Published March 30, 2021 by Rebecca Goldfine

Archer Thomas ’21 Awarded Watson Fellowship to Ride the World's Rails

Ever since he was a kid growing up in rural Maine, Archer Thomas has been fascinated with public transportation, particularly with city trains. His interest has developed at Bowdoin into a focus on urban studies and design, and how design can advance social justice.
Archer Thomas
Archer Thomas

After amassing a trove of transit maps and train tickets from cities around the world (mostly gifts from relatives), Thomas now has the opportunity to travel on his own with funding from a Thomas J. Watson Foundation fellowship.

He is one of forty-two Watson Fellows this year—all graduating seniors from select US colleges and universities. Each will receive $36,000 to follow a self-designed global itinerary to explore a theme of their choosing. The only requirement is they not return to the United States for twelve months.

Thomas plans to spend next year riding "every mile of" city trains (the Underground, the tube, the U-Bahn, the Metro, the subway) in London, Berlin, Moscow, Tokyo, and Mexico City.

His long-held obsession with rail systems, he now understands, was born from his first love—for maps. "When I was four, I had a massive collection of maps."

Above all, he found his maps of city train systems the most intriguing, as they reflected human ingenuity and imagination above physical reality. "Most maps are constrained by geographical space, but transit maps are unbound by it," he said in a recent interview. "They reimagine a city in whatever form is most useful for riders."

For Thomas, public transit is not only an efficient way to carry people around a city and keep its economy firing, it can be "a vehicle for social justice." City transit connects both low- and high-income neighborhoods with central business districts, theoretically giving everyone access to a city's offerings. 

Public transit represents the "utopian hope that humans can, with the aid of technology, balance the interests of society, the individual, and nature," Thomas wrote in his Watson application. "I believe that achieving this balance is the ultimate task of civilization as we face a gradually more crowded planet. The future is urban."

But city transit—sitting at the apex of technology and community and promising hope for a future of greater social organization and cohesion—has also been upended by COVID-19. Thomas said his journey will provide him the chance to see how public transportation is coping in the aftermath of the pandemic. 

"Is public transit a lost cause? Is extreme density, once seen as the way of the future, a flawed approach in a globalized, and therefore contagion-prone, world? As people everywhere hunkered down, the public spaces which I had hailed as the vehicles for a better world were evaporating," he said.

London to Berlin to Moscow to Tokyo to Mexico City

Thomas chose these cities because their transit systems lie at the "heart of public life," and each has a compelling history. "I have selected five cities that together tell a unique but complementary story about rapid transit through innovation (London), unity (Berlin), symbolism (Moscow), extreme urbanity (Tokyo), and the future (Mexico City)," he wrote.

He will spend at least two months in each metropolis, exploring both above ground and below. "When I first arrive in the city, I’ll do a lot of observation, writing, looking around, taking pictures, and drawing—collecting all the sensory aspects of riding the rails," Thomas said. "And I hope to make connections with other enthusiasts and experts, people who are interested in these topics."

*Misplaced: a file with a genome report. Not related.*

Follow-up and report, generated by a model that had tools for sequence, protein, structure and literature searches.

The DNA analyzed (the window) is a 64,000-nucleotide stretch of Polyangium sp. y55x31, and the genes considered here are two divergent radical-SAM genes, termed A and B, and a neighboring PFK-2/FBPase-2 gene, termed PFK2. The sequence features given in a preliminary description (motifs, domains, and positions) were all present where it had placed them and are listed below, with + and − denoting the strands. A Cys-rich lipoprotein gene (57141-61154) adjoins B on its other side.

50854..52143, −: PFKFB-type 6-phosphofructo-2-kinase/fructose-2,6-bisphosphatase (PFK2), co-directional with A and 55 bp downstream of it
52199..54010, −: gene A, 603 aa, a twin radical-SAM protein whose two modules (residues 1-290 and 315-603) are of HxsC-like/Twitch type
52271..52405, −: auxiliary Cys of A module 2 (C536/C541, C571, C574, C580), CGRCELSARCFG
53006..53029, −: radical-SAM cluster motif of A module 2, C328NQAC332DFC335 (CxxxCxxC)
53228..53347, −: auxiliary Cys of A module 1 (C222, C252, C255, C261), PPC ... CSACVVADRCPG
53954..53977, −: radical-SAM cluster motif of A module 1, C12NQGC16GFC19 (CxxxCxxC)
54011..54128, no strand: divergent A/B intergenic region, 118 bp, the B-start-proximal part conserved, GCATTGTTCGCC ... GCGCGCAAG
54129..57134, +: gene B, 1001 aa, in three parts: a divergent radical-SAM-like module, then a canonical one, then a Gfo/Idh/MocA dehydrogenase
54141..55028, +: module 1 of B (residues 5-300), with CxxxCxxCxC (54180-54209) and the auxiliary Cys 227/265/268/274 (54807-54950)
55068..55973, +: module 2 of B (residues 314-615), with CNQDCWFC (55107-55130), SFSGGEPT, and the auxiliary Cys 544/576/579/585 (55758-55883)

He begins his travels in London, home of the original underground rail system—the Tube—and a model for systems around the world. He'll move on to Berlin's U-Bahn, "a cornerstone of the Energiewende, the country’s ambitious plan to curb climate change."

Moscow's Metro, unique among rapid transit systems, "was planned as a propaganda piece that would highlight the achievements of the Soviet Union and glorify the Stalinist regime," Thomas said. "The stations were therefore designed with opulence and monumentality in mind."

In crowded, population-dense Tokyo, a city that for Thomas represents urbanism at its most extreme and therefore most creative, he will pay attention to "how Tokyo overcomes its size through aesthetics, including clever station and map design, creative (if odd) mascots, and unique tunes that play at different stops."

He will end his travels in Mexico City, "a system which represents the challenges faced by the global south as it attempts to tackle infrastructure development, economic inequality, social movements, and skyrocketing urbanization." There he will look for clues into "the future of rapid transit as developing cities rush to make themselves more livable and prosperous."

A major in history and a minor in government and legal studies, Thomas is writing an honors project on mid-twentieth-century architecture, and he did a summer internship with a public housing entity in Portland, Maine. He's considering a career as an educator or designer in architecture, typography, or cartography.

"I feel like we’re at this turning point in world history," he said, "where we need to change dramatically how we run urban environments and societies. Climate change and inequality are threatening civilization and we need to return to public spaces and make sure these spaces are healthy and vibrant. And we need public spaces and effective transportation to keep those spaces healthy."